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Wednesday, 17 February 2021
Page: 1152


Ms SHARKIE (Mayo) (18:52): Like proud grandparents, Centre Alliance welcomes the arrival of this piece of legislation. I say 'grandparents' because it's back to a previous parliament, a previous generation, under a different name—the Nick Xenophon Team—that the genesis of this bill, the Treasury Laws Amendment (News Media and Digital Platforms Mandatory Bargaining Code) Bill 2020, can be traced. Back in 2017, when the then Turnbull government was negotiating its historic media reform package, my colleagues and I recognised that we needed to go further than media ownership to safeguard the longevity of public interest journalism. We negotiated a range of measures, including a community television licence extension, a review of Asia-Pacific broadcasting services, and the Regional and Small Publishers Jobs and Innovation Package, which, thanks to government tinkering, has been a bit of a challenge.

However, of import for this bill, we negotiated for the ACCC to conduct an inquiry into the impact of the new digital environment on media. My colleague Senator Stirling Griff undertook extensive work on the terms of reference for this inquiry, which examined the effect that digital service engines, social media platforms and other digital content platforms have on competition in media and advertising services markets. You could say that, basically, Google and other platforms have cannibalised local content. At the time, my colleague said that the government needed to rein in the uncompetitive advantages that global internet giants such as Facebook and Google were exploiting. They were exploiting Australian made content and profiting while others were doing the lion's share of the work. We believed that Google and Facebook needed to pay a fair price for unique content that was not their own.

The inquiry's final report made a number of recommendations but, in effect, found there were serious issues relating to the market power of the digital platforms that were affecting Australian businesses, the media advertisers and consumers. The government response was a mandatory code of conduct to address bargaining power imbalances between Australian news media businesses and digital platforms.

This bill creates the framework for that mandatory bargaining code, and Centre Alliance supports this framework. I note that the final version of this bill includes amendments addressing feedback from stakeholders on including the ABC and SBS, an inclusion that's very much supported by Centre Alliance and by my electorate. I note that, in the past week, Google has come to the bargaining table to negotiate content deals with big media players such as Nine Entertainment, The Guardian Australia and the ABC. I'm yet to see any reports about Facebook coming to the table, which is disappointing.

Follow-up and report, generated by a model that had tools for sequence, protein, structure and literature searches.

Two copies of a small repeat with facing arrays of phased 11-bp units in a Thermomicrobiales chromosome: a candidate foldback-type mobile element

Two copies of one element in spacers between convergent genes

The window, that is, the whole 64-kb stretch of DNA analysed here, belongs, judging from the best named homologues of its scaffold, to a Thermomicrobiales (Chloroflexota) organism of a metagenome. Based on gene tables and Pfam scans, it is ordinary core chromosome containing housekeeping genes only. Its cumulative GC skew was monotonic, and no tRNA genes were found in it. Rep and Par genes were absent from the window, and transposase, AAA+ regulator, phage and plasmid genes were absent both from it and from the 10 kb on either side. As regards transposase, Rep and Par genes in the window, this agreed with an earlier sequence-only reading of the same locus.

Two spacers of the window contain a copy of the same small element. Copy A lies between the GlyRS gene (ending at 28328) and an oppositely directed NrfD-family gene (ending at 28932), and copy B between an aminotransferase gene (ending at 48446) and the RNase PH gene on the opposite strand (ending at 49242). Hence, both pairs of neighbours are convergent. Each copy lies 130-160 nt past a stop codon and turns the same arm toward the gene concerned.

Centre Alliance remain concerned about the small media players. We hope they will benefit and not be short-changed by this new bargaining framework in the way they have been short-changed by previous attempts in this parliament to maintain quality public interest journalism, particularly in regional Australia. Back in 2017, during the media reform debate, in addition to the ACCC inquiry into digital platforms, NXT also negotiated the Regional and Small Publishers Jobs and Innovation package worth just over $60 million. Sadly this package has fallen short of our intention to help regional and small publishers. Centre Alliance share the concerns expressed by Country Press Australia that the cadetship program component only spent $1.8 million in the first round; the remaining $6.2 million sat in limbo at a critical time of need. Then there was the $38 million Regional Small Publishers Jobs and Innovation Fund, which morphed into the $50 million Public Interest News Gathering program, or PING. Country Press Australia raised serious concerns to the government that their expanded eligibility criteria for the PING would water down the intent of the Regional Small Publishers Jobs and Innovation Fund, and that proved well and truly to be the case. The small regional and remote publishers, which NXT and indeed the ACCC wanted to assist, ended up receiving only around 15 per cent of the funding. The bigger media companies, which this funding was not designed to assist, received the bulk of the funding. This is deeply troubling and, I believe, short-sighted.

Public interest journalism is important to our democracy and it's important to society, but it shouldn't just be supporting our cities. Regional Australians need to hear their own stories and they shouldn't have just the ABC providing that important service. The Public Interest News Gathering program needs to do what Centre Alliance negotiated this fund to do—that is, assist true regional and small publishers. More also needs to be done to include small and regional publishers in the apprenticeship program. This is a good bill. I'm pleased this bill is here, and I commend it to the House.